France's President Sarkozy Awarded Bulgaria's Highest State Order

Politics | October 4, 2007, Thursday // 00:00
Bulgaria: France's President Sarkozy Awarded Bulgaria's Highest State Order French President Nicolas Sarkozy (L) was awarded Bulgaria's highest state order Stara Planina - first degree by his Bulgarian counterpart Georgi Parvanov (R) at a special ceremony on Thursday. Photo by Yuliana Nikolova (Sofia Photo Agency)

French President Nicolas Sarkozy was awarded Bulgaria's highest state order Stara Planina - first degree by his Bulgarian counterpart Georgi Parvanov at a special ceremony on Thursday.

"It is magnificent!" said Sarkozy after receiving the order.

"I am honoured to award this medal to Mr. Sarkozy for his contribution to the development of the closer ties between our two countries," President Parvanov said.

He has also thanked Sarkozy and his wife for playing an important role in the final stage of the case of the Bulgarian medics, who were freed from imprisonment in Libya at the end of July.

"It was an act of great European solidarity," Parvanov commented.

"The five nurses and the doctor Ashraf are not only Bulgarians, they are European citizens as well. That made their tragedy a tragedy, which concerned the whole united Europe," said for his part France's head of state.

"France is a friend of yours," Sarkozy added.

He explained his wife, Cecilia, does not accompany him during his official visit to Bulgaria because she is very tired of the polemics over the figures that played the most important part in the medics' release.

"My wife prefers to remain in the shadow," Sarkozy said.

The visit of Nicolas Sarkozy is the first one a French President pays to Bulgaria since 1994.

Sarkozy's agenda in the Bulgarian capital included also meetings with Prime Minister Sergey Stanishev and the six medics, as well as a lecture at Sofia's Kliment Ohridski university rather than a visit to the parliament, with Sarkozy choosing to emulate Francois Mitterand's choice when he visited Bulgaria in 1989.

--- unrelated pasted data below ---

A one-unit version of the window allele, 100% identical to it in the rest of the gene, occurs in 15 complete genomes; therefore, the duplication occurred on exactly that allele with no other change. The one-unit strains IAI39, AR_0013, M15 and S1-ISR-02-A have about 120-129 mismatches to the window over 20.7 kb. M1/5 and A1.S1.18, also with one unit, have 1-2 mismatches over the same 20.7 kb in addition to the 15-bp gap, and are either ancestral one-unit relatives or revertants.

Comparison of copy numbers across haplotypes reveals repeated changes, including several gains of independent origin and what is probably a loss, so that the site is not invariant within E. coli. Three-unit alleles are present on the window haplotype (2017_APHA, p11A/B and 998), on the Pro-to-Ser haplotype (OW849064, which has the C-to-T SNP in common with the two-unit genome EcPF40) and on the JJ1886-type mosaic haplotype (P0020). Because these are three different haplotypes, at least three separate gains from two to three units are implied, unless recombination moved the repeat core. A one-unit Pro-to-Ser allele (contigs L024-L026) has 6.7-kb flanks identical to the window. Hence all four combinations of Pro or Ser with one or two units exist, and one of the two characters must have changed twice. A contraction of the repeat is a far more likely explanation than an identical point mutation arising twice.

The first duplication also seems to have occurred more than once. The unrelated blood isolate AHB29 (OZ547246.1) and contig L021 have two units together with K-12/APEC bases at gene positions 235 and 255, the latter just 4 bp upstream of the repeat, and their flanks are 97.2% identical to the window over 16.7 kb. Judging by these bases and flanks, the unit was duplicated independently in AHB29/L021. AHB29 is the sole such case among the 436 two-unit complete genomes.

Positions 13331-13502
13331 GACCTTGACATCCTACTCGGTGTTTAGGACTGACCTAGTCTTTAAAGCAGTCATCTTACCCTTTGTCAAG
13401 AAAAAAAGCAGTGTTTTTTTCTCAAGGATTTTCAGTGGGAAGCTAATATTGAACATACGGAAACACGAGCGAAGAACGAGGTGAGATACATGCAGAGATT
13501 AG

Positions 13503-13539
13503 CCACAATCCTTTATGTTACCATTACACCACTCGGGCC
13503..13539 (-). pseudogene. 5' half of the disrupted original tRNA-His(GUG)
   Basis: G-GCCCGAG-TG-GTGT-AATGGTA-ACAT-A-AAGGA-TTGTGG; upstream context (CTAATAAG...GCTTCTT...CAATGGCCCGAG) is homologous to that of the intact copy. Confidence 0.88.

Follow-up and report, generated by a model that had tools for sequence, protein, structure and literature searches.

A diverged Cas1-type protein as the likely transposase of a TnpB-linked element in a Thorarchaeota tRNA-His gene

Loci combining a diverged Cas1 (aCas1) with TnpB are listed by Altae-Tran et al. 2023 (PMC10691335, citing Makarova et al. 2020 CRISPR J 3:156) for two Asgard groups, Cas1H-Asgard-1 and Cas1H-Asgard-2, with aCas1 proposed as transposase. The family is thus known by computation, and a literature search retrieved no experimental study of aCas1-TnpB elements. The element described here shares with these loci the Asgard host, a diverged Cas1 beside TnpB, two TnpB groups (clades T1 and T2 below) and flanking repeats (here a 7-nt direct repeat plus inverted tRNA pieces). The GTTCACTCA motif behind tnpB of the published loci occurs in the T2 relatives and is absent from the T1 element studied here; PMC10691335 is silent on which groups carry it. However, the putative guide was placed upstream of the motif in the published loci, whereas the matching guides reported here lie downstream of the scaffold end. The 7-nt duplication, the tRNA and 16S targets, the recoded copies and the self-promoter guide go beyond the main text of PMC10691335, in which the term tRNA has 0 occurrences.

Sarkozy also made an important step towards securing a deal for four military corvettes for the Bulgarian navy.

"By the end of this year the two sides will consider a framework for an agreement on the procurement of four corvettes for the Bulgarian Navy," Sarkozy said after conferring with Bulgaria's Prime Minister Sergey Stanishev.

In his words an expert group will discuss the financial conditions and distribution of work between the Varna shipyard and France.

"We consider France to be our strategic partner and will be looking for working mechanisms of cooperation," Stanishev commented.

The prime minister underlined that a series of projects, including the procurement of new helicopters for the Bulgarian army in a EUR 360 M offset deal, is progressing according to plan.

Stanishev stressed that Bulgaria and France have common visions for the future of nuclear energy industry in the European Union and will step up their cooperation in this area.

In an advance interview granted to four Bulgarian newspapers, Sarkozy qualified Bulgaria as an "important partner" for France in the areas of common agricultural, defence and nuclear energy policies.

"I think we should step up cooperation in each of those areas, and I will propose both to President Parvanov and Prime Minister Stanishev that we do so," the French president was quoted as saying.

He declined to go into too much detail concerning the putative deal which could see France sell to Bulgaria four last-generation Gowind corvettes for a reported EUR 750 M, to be offset by heavy French investment in Bulgarian shipbuilding.

"I don't have a habit of interfering with ongoing trade negotiations. But anything that brings France and Bulgaria closer is a good thing, including in this case, because it is a choice that could bring a lot of positives to both countries," said Sarkozy.

Bulgaria has to modernise its armed forces in line with NATO standards, having joined the organisation in 2004, but so far has only bought one refurbished Belgian frigate ship.

It has been in talks to buy four Gowind corvettes, built by French company Armaris, a joint venture of shipbuilder DCN with electronics and defence firm Thales, for more than two years now.

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